Monday, June 04, 2012

Migration Inflection Point

Despite persistent high unemployment, some Sun Belt boomtowns continue to attract migrants. Charlotte is a good example. Mesofacts and momentum keep the dream alive long after economic opportunity has evaporated. Grounded in reality or not, status quo migration patterns are a good bet to continue. Michael Barone with the exceptions to the rule:

Continued domestic out-migration from high-tax states? Certainly from California, where Gov. Jerry Brown wants to raise taxes even higher. With foreign immigration down, California is likely to grow more slowly than the nation, for the first time in history, and could even start losing population.

Fortunately, governors of some other high-tax states are itching to cut taxes. The shale oil and natural gas boom has job-seekers streaming to hitherto unlikely spots like North Dakota and northeast Ohio. Great Plains cities like Omaha and Des Moines are looking pretty healthy, too.

It's not clear whether Atlanta and its smaller kin -- Charlotte, Raleigh, Nashville, Jacksonville -- will resume their robust growth. They've suffered high unemployment lately.

But Texas has been doing very well. If you draw a triangle whose points are Houston, Dallas and San Antonio, enclosing Austin, you've just drawn a map of the economic and jobs engine of North America.

Texas prospers not just because of oil and gas, but thanks to a diversified and sophisticated economy. It has attracted large numbers of both immigrants and domestic migrants for a quarter century. One in 12 Americans lives there.

Barone thinks we are at a "demographic inflection point". He sees immigration and the move from high-tax states to low-tax states as the two major forces that have shaped the last economic epoch (~40 years). What's next?

Barone's theory about tax-driven migration creates, in my estimation, a blind spot. His model cannot account for Pittsburgh's boom. Nor can he make sense of spiraling real estate prices in super expensive Park Slope. Why are so many people moving to high-tax locales? In terms of migration, I think we are having a Berlin Wall moment. The world we thought we knew so well has dramatically changed. We need to be searching for new paradigms.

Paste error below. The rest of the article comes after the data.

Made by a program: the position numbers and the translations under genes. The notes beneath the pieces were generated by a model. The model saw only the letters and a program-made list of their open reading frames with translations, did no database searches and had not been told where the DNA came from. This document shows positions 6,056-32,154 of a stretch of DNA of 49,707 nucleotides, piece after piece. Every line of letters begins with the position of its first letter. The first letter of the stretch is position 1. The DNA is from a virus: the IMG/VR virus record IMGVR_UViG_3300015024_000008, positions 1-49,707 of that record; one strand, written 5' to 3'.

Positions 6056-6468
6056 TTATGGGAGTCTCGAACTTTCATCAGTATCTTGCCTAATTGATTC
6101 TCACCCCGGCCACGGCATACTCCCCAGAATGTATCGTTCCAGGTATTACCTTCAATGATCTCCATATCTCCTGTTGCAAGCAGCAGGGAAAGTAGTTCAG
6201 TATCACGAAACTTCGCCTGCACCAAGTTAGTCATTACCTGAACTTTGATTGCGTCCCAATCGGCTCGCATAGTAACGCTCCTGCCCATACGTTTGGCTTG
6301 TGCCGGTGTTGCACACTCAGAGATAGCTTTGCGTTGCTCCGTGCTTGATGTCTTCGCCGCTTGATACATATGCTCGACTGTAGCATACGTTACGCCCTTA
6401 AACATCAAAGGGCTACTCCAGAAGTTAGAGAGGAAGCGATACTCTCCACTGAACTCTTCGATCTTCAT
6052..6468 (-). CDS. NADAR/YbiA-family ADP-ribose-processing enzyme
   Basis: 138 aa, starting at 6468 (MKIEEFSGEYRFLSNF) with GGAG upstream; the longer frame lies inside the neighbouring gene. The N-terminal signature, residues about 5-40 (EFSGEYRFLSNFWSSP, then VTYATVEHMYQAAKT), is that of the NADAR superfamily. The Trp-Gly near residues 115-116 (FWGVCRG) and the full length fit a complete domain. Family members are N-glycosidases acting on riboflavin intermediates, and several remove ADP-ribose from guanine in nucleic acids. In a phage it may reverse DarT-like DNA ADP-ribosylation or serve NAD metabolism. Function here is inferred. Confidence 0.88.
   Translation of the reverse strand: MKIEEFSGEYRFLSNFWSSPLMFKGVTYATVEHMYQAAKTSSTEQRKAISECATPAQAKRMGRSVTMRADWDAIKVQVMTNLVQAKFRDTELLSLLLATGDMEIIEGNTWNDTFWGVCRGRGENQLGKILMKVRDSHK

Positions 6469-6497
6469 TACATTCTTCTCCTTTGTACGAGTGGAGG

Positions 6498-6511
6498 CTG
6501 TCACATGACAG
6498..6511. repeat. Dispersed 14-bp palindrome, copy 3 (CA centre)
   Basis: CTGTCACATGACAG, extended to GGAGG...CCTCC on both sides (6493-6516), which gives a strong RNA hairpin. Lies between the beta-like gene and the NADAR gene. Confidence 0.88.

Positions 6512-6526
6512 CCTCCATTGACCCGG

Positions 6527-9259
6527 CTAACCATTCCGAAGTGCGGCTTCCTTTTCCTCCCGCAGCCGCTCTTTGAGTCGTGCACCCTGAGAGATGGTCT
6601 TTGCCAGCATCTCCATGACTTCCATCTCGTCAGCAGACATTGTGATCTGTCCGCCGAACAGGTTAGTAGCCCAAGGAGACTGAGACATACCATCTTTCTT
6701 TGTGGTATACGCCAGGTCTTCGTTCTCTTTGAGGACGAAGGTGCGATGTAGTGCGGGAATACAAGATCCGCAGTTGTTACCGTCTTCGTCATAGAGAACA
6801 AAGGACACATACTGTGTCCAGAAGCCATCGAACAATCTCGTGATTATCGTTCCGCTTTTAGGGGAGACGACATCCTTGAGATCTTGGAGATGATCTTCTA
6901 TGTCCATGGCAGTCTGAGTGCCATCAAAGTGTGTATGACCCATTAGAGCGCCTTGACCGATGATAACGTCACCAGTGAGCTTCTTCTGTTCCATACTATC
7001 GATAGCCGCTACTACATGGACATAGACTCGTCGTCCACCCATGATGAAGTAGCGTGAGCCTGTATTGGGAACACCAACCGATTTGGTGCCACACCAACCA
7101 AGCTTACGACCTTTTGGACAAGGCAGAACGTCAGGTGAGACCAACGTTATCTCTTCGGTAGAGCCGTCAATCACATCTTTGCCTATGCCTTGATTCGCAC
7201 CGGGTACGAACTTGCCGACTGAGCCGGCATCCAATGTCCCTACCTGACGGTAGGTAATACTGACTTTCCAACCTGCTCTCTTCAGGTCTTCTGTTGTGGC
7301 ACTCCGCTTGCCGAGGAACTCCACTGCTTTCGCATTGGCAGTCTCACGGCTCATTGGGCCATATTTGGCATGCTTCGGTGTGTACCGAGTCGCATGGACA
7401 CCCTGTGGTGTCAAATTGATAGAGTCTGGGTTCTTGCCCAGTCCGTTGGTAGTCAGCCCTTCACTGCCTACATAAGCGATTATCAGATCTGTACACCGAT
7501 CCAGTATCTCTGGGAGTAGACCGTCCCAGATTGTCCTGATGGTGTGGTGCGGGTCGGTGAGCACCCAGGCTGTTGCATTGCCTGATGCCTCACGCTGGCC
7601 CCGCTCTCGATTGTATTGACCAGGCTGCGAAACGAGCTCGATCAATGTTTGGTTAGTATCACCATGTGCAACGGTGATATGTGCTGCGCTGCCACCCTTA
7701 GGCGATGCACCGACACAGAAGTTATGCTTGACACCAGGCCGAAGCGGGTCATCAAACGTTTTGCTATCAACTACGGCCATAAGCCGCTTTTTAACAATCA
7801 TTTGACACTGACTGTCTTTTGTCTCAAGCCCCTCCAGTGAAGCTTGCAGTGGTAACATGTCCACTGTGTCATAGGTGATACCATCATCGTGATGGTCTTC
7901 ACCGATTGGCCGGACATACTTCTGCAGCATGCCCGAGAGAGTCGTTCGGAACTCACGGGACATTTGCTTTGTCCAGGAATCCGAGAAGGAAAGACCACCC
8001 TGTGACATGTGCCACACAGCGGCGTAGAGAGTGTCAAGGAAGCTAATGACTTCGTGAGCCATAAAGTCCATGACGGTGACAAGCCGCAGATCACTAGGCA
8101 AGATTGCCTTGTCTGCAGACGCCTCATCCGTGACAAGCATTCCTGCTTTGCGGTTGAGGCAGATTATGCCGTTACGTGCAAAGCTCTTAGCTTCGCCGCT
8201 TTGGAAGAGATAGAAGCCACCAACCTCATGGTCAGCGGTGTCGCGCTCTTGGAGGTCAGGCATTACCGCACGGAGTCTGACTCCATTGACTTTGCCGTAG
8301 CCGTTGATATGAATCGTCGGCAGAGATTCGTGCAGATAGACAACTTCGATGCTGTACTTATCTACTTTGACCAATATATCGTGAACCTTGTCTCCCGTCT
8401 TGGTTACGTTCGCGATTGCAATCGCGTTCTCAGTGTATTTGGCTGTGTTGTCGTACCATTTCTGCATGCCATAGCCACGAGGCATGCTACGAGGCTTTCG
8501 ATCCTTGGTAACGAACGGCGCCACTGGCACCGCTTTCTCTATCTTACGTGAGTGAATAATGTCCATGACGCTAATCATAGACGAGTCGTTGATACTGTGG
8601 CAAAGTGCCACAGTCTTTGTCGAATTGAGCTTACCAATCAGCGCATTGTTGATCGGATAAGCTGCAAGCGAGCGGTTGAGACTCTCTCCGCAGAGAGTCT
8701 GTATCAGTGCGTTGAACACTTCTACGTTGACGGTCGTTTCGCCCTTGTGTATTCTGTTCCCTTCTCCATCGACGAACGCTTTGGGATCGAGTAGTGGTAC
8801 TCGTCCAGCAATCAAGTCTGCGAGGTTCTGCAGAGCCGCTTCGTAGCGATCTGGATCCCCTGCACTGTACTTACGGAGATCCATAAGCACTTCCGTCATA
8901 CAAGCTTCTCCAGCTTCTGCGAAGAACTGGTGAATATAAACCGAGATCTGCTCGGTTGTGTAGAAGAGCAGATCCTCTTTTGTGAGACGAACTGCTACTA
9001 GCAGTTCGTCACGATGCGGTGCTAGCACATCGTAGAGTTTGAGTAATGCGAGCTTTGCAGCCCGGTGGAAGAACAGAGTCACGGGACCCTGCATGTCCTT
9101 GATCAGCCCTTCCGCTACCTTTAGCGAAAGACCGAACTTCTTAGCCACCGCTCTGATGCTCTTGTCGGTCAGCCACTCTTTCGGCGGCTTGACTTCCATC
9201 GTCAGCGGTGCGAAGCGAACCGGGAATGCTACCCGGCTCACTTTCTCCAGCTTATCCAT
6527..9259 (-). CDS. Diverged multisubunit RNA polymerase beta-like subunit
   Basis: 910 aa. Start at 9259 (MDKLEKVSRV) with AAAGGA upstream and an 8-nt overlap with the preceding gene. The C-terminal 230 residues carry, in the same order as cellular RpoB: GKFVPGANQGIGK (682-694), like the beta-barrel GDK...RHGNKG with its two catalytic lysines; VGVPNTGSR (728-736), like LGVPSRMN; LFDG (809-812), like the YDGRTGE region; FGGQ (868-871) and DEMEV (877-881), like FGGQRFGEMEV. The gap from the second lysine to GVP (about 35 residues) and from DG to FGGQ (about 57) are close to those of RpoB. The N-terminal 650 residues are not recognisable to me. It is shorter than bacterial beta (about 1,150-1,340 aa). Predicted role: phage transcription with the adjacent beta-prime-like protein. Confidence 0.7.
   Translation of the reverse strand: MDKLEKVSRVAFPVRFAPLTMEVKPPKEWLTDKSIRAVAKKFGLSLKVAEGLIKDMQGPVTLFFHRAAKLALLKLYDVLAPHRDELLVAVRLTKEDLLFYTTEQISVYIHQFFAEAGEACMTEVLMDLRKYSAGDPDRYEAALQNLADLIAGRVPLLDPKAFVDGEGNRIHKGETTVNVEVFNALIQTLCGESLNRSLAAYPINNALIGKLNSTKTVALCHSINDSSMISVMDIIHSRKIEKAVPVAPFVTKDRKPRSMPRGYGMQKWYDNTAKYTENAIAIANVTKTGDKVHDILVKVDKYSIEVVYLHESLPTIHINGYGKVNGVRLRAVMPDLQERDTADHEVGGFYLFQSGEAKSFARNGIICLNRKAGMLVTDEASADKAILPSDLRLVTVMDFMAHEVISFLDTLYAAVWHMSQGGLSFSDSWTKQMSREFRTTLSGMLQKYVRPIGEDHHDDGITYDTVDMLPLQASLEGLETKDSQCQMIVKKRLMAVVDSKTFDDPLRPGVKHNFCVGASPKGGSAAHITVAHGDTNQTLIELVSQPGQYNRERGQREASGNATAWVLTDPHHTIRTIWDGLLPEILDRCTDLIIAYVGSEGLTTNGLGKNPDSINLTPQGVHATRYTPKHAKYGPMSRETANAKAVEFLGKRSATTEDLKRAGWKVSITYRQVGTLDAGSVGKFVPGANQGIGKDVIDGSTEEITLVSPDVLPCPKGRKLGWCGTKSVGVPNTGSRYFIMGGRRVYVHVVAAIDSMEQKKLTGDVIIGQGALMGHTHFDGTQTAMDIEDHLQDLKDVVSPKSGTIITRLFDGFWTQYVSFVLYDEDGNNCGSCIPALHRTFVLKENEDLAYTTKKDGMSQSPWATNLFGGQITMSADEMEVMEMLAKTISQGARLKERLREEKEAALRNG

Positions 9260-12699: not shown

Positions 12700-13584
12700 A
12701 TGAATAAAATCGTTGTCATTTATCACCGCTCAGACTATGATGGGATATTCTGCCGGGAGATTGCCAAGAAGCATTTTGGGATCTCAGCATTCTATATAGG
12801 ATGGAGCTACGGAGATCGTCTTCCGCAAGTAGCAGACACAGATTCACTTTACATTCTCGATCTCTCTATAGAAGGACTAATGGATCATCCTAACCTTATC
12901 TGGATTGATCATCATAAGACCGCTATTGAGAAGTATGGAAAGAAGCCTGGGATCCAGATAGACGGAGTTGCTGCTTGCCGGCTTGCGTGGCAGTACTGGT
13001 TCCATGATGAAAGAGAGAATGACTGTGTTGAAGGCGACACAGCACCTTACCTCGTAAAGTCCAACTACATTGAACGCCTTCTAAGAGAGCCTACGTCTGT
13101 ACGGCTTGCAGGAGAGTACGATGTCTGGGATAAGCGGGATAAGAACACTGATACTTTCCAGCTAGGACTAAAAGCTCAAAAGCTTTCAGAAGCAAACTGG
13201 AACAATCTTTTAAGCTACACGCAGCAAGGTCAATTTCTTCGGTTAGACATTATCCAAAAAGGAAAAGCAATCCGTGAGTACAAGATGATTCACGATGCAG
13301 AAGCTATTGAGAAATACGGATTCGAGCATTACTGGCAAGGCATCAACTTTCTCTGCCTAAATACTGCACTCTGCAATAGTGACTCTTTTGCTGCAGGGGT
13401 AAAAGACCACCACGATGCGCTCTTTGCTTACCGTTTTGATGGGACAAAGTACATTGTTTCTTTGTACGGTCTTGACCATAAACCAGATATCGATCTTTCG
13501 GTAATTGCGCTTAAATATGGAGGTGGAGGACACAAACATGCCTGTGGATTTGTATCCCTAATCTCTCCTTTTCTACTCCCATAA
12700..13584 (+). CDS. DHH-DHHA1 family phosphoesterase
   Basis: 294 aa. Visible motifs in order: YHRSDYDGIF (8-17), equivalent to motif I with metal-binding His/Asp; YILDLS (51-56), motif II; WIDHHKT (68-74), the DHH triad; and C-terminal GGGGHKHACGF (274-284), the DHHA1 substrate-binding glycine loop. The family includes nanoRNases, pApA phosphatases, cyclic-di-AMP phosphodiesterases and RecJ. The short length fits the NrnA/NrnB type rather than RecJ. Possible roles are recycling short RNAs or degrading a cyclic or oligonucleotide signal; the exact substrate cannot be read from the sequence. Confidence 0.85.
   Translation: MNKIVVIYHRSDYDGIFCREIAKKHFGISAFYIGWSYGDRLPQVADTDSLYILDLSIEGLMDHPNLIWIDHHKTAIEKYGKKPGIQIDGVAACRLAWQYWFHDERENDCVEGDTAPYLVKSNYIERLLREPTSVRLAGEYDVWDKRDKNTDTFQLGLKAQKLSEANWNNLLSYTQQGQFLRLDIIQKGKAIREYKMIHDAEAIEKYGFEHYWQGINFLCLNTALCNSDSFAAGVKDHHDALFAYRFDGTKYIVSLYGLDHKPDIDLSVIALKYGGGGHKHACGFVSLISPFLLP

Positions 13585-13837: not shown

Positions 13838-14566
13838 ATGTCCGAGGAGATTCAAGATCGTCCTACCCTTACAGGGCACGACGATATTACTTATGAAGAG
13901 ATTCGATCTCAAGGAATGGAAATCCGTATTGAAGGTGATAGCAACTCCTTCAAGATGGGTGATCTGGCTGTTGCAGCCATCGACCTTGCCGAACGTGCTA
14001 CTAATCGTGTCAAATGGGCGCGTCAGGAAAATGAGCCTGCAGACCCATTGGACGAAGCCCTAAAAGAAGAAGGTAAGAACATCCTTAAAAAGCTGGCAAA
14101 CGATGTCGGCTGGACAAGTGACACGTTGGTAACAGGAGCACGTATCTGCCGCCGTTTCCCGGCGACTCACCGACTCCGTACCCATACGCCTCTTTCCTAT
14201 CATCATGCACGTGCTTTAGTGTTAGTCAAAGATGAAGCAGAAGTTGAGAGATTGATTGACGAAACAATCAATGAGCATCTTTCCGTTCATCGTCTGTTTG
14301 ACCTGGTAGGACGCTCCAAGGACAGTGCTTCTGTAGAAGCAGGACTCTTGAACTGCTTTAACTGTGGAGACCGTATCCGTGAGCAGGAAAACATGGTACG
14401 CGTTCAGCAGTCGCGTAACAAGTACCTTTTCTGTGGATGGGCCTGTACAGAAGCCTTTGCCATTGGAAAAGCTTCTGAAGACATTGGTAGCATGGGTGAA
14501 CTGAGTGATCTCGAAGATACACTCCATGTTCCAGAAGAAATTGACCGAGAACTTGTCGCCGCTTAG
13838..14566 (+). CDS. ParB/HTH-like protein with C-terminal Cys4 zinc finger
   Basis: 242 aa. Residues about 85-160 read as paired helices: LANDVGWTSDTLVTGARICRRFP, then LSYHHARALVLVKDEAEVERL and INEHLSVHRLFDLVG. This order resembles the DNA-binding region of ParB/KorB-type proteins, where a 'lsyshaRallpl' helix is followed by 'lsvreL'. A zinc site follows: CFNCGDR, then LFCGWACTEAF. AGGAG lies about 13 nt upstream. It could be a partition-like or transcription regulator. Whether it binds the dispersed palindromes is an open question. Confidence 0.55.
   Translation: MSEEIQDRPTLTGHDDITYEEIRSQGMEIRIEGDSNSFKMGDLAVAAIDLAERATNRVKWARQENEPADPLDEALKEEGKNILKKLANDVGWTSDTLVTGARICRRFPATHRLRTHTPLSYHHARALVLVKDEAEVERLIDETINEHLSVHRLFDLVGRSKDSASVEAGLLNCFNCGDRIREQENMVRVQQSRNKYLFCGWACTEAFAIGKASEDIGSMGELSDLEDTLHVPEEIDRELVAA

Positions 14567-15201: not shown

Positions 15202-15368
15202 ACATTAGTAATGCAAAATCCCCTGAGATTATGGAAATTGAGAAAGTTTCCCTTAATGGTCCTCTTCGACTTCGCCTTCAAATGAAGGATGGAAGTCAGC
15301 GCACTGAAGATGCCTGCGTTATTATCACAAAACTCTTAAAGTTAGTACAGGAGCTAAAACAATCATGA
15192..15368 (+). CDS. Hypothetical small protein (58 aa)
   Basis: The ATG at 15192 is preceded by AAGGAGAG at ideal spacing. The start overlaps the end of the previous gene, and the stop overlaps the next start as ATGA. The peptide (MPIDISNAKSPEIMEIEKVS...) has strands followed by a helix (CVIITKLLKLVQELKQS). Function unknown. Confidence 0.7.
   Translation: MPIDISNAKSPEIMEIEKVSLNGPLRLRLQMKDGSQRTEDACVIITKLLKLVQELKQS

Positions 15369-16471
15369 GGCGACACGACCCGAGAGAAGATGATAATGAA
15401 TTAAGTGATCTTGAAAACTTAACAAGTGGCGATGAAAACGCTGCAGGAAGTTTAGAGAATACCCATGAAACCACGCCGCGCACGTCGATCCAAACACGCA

Matthew Hall said...

Economic activity really happens at the metro level. Looking at individual metros helps to explain a lot of the changes since 2008. American metros are becoming more distinctive from each other, instead of more alike.

The Urbanophile said...

Vis-a-vis Manhattan, migration to Park Slope is a form of low-cost migration. Also, the very wealthy have tended to either cluster in enclaves or to withdraw to country estates. I don't think Park Slope is a counter-factual. In any case, outliers in social science do not necessarily discredit the broader trend I think.

BTW: Population growth in Charlotte plunged significantly in the recent past. We'll see what happens there.

Jim Russell said...

In any case, outliers in social science do not necessarily discredit the broader trend I think.

I agree. But the migration to more expensive, higher tax cities is a broader trend. So is the seeking of cheaper housing. As is the allure of better schools. The tax model of migration has lousy explanatory power.

Re. Charlotte, big migration gains there from July 2010 - July 2011.